Bespoke beach house at one with coastal forest

February 17, 2023 BY

Anglesea Beach House, the latest project from local architect Ryan Thompson. Photos: ANDY FORSSMAN/ROSENEATH CREATIVE

A four-year design and construction process has culminated in a pristine Anglesea property that pays homage to its surrounding bushland.

Anglesea Beach House is the latest project from Geelong-based architect Ryan Thompson, whose recent work includes builds across the Surf Coast at Lorne and Torquay, in inner Geelong suburbs and out to the Golden Plains at Batesford.

Tremul Constructions delivered the build, which was officially handed over late last year.

The property retains a portion of its native vegetation.


Nestled in remnant coastal vegetation at Anglesea, the project brief included creating a modern beach house with room for multiple families while retaining the site’s unique tree-lined outlook.

The constant use of timber features and fixtures inside and out and light, airy elements amplified the sense of space and natural serenity.

But the home’s design wasn’t without tough decisions.

The property’s planning overlays, which include bushfire protection, required the removal of native vegetation to make way for the new building.

“[The owners] took a bit of time to get used to the idea that they’re going to have to clear a portion of the site – that was that was what they held dear with it,” Thompson said.

“They had a couple of large trees that sat in front of the original building… and ultimately those trees had to make way for a number of reasons.

“It’s ultimately been a four-year process, which is considerably longer than most projects.

“We met on site early days and we just gave them plenty of time to get used to the idea that the site was going to be a bit different, but there’s still scope to revegetate that site.”

The upstairs outdoor deck is designed for use no matter the conditions.


The site visits proved fruitful to elevating other design elements – literally, in the case of ocean views.

The reluctant removal of large trees opened up new opportunities to maximise vistas across the Surf Coast to its nearby landmarks.

“We managed within the height constraints on the site to lift the first floor up a little bit higher than what it originally was,” Thompson said.

“We really opened up some views and it even they’ve even got views back to the Fairhaven Lighthouse.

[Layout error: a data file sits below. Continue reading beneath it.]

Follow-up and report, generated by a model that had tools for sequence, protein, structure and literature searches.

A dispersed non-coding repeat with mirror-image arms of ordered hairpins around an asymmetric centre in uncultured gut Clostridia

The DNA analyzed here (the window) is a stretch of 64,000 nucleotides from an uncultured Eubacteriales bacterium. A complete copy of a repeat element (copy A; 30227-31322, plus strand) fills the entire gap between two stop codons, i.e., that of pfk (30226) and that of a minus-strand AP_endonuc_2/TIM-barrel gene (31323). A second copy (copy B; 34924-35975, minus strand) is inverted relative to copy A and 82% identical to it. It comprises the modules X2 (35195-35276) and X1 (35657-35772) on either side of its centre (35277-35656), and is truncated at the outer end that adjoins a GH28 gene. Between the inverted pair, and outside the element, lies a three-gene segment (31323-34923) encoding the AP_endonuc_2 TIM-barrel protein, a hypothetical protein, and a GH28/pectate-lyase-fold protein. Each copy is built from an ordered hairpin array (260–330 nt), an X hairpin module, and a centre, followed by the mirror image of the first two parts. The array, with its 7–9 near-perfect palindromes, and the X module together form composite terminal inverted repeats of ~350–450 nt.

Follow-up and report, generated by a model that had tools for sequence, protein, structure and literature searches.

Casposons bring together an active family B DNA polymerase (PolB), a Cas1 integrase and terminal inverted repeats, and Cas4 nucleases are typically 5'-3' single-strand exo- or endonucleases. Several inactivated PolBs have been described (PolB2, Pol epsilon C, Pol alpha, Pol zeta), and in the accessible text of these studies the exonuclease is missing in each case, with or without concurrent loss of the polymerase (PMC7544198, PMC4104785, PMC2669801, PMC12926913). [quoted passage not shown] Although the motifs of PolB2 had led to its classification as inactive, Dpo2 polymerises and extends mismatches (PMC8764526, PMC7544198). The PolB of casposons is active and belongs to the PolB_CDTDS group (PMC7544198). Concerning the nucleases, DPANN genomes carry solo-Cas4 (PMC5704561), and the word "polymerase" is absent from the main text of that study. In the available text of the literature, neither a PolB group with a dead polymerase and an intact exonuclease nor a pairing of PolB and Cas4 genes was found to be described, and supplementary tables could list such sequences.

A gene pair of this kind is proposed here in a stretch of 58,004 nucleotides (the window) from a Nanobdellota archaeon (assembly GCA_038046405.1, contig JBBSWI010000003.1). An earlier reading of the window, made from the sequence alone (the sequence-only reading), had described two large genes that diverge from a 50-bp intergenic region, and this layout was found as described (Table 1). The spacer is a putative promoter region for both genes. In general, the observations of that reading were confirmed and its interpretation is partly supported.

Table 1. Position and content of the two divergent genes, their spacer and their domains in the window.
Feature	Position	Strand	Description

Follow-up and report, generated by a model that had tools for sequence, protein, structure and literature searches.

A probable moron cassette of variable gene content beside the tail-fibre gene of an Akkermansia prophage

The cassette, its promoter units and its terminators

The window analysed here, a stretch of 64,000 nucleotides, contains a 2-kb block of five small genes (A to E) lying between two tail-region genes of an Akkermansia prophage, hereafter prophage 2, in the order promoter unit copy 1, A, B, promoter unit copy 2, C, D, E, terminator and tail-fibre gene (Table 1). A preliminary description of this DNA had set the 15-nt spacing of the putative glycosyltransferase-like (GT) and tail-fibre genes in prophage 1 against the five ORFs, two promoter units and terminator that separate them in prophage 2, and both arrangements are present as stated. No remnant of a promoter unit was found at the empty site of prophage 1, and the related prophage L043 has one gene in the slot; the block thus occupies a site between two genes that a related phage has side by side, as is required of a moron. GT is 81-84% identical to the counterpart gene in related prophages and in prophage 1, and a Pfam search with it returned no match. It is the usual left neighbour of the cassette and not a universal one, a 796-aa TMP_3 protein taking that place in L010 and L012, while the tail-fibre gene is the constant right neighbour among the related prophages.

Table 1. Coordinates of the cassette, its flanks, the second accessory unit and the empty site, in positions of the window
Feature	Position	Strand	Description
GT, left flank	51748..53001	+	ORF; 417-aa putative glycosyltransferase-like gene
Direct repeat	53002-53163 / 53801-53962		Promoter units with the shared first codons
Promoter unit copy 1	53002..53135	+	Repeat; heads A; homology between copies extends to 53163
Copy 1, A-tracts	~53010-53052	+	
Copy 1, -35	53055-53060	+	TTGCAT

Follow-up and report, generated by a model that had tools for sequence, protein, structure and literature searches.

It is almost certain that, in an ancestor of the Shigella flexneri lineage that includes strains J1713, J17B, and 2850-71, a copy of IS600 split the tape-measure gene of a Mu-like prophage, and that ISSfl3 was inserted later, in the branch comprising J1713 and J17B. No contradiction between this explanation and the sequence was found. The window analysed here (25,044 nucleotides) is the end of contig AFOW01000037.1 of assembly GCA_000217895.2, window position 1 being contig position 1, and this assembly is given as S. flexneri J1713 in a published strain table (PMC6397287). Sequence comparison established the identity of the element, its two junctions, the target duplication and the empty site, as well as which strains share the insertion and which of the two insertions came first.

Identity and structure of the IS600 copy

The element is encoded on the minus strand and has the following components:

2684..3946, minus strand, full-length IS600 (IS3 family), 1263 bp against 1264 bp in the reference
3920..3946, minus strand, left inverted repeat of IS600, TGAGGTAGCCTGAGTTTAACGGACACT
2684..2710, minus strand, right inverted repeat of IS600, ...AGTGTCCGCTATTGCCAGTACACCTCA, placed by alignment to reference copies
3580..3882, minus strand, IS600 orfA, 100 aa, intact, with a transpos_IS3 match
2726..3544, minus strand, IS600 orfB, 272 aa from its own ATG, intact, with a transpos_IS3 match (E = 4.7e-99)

“That was a positive feature that we discovered during one of the site meetings.

Timber features are prominent inside and out.


“So as it started to get built, we started to understand the benefits of the design a little bit more.”

While the existing home at the beach site required a knockdown, its replacement was built largely within the previous footprint to optimise planning efficiency.

Timber-based features are prominent especially on the upper floor while the downstairs level, which the architect said “acts like a plinth”, is a concrete sheet material that raises the main living spaces while creating a two-layered design aesthetic.

“The original planning concept was really simple in our eyes, and it was really easy to communicate and get buy in from the client,” Thompson said.

“It ultimately is a central void that runs north-south that zones living from bedrooms on both levels.

“That void has skylights and the idea that we’re bringing the light down from the top level to assist with natural lighting at the ground floor.

“People might make associations with dappled lighting through tree canopies.”

The home’s spacious upstairs deck – a must for its owners who prioritised outdoor living – is on the east side of the house to provide options to seek sun or shade depending on the weather conditions.

Its roof design is also crafted to invite natural light to main living spaces while offering privacy downstairs.

“The eave shape is trying to create a little bit more sort of north glass through the living area, but also a bit of an expression along that facade so it wasn’t all just a straight line,” Thompson said.

“It’s a mimic of tree branches to an extent.

“It’s more open to the living spaces and closed down to the bedroom spaces.

“That was the intent of the design.”

Sustainability is also a key feature of the final product, which includes a solar power system and roof and grey water systems that cater for internal use and will support landscaping as trees regenerate – a process that has already begun.

“We were on site the other day, and some of the grasses and natural vegetation are starting to pop back up in the soil,” Thompson said.

“That was a nice little circle moment.”

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